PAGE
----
Nicholas Gerbis joined KJZZ’s Arizona Science Desk in 2016. A longtime science, health and technology journalist and editor, his extensive background in related nonprofit and science communications inform his reporting on Earth and space sciences, neuroscience and behavioral health, and bioscience/biotechnology.
Apart from travel and three years in Delaware spent earning his master’s degree in physical geography (climatology), Gerbis has spent most of his life in Arizona. He also holds a master’s degree in journalism and mass communication from Arizona State University’s Cronkite School and a bachelor’s degree in geography (climatology/meteorology), also from ASU.
Gerbis briefly “retired in reverse” and moved from Arizona to Wisconsin, where he taught science history and science-fiction film courses at University of Wisconsin-Eau Claire. He is glad to be back in the Valley and enjoys contributing to KJZZ’s Untold Arizona series.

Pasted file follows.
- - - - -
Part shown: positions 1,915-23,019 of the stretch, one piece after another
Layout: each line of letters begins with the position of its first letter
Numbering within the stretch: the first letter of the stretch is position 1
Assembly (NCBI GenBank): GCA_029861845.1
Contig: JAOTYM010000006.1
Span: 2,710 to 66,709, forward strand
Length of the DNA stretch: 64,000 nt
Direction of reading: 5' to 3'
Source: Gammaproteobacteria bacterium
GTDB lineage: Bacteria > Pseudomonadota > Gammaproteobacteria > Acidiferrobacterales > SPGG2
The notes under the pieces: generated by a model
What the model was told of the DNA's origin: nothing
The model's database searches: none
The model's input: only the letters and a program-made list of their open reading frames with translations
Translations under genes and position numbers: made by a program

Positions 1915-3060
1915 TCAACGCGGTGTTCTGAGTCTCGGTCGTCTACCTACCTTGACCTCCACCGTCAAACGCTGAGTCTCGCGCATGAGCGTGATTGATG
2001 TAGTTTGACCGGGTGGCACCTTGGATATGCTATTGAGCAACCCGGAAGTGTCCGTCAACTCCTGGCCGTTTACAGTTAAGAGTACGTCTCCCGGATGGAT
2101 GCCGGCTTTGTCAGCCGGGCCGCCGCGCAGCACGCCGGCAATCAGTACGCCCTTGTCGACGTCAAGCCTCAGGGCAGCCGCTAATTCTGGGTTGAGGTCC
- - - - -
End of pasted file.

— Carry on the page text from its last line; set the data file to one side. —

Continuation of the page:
During the COVID-19 pandemic, Gerbis focused almost solely on coronavirus-related stories and analysis. In addition to reporting on the course of the disease and related research, he delved into deeper questions, such as the impact of shutdowns on science and medicine, the roots of vaccine reluctance and the policies that exacerbated the virus’s impact, particularly on vulnerable populations.
|As Western US Forest Fires Expand, Plenty Of Blame To Go Around||Nicholas Gerbis||Oct. 17, 2016|
|ASU Researcher: Satellite Radar Links Wastewater Pumping To Earthquakes||Nicholas Gerbis||Oct. 10, 2016|
|2016 Monsoon Brought Patchwork Precipitation To Arizona||Nicholas Gerbis||Oct. 5, 2016|
|ASU Thermal Camera Will Guide Europa Mission’s Search For Water, Life||Nicholas Gerbis||Oct. 3, 2016|
|ASU Taps Veterans To Archive For US's Largest Digital Archaeology Database||Nicholas Gerbis||Sept. 26, 2016|
|Record-Breaking Lightning Flashes Help Change Definition Of Lightning Events||Nicholas Gerbis||Sept. 21, 2016|
|ASU Lab Tracking Cyber Threats On Deep Web, Dark Web||Nicholas Gerbis||Sept. 19, 2016|
|13,000-Foot Mountain On Dwarf Planet Ceres May Be An Ice Volcano||Nicholas Gerbis||Sept. 2, 2016|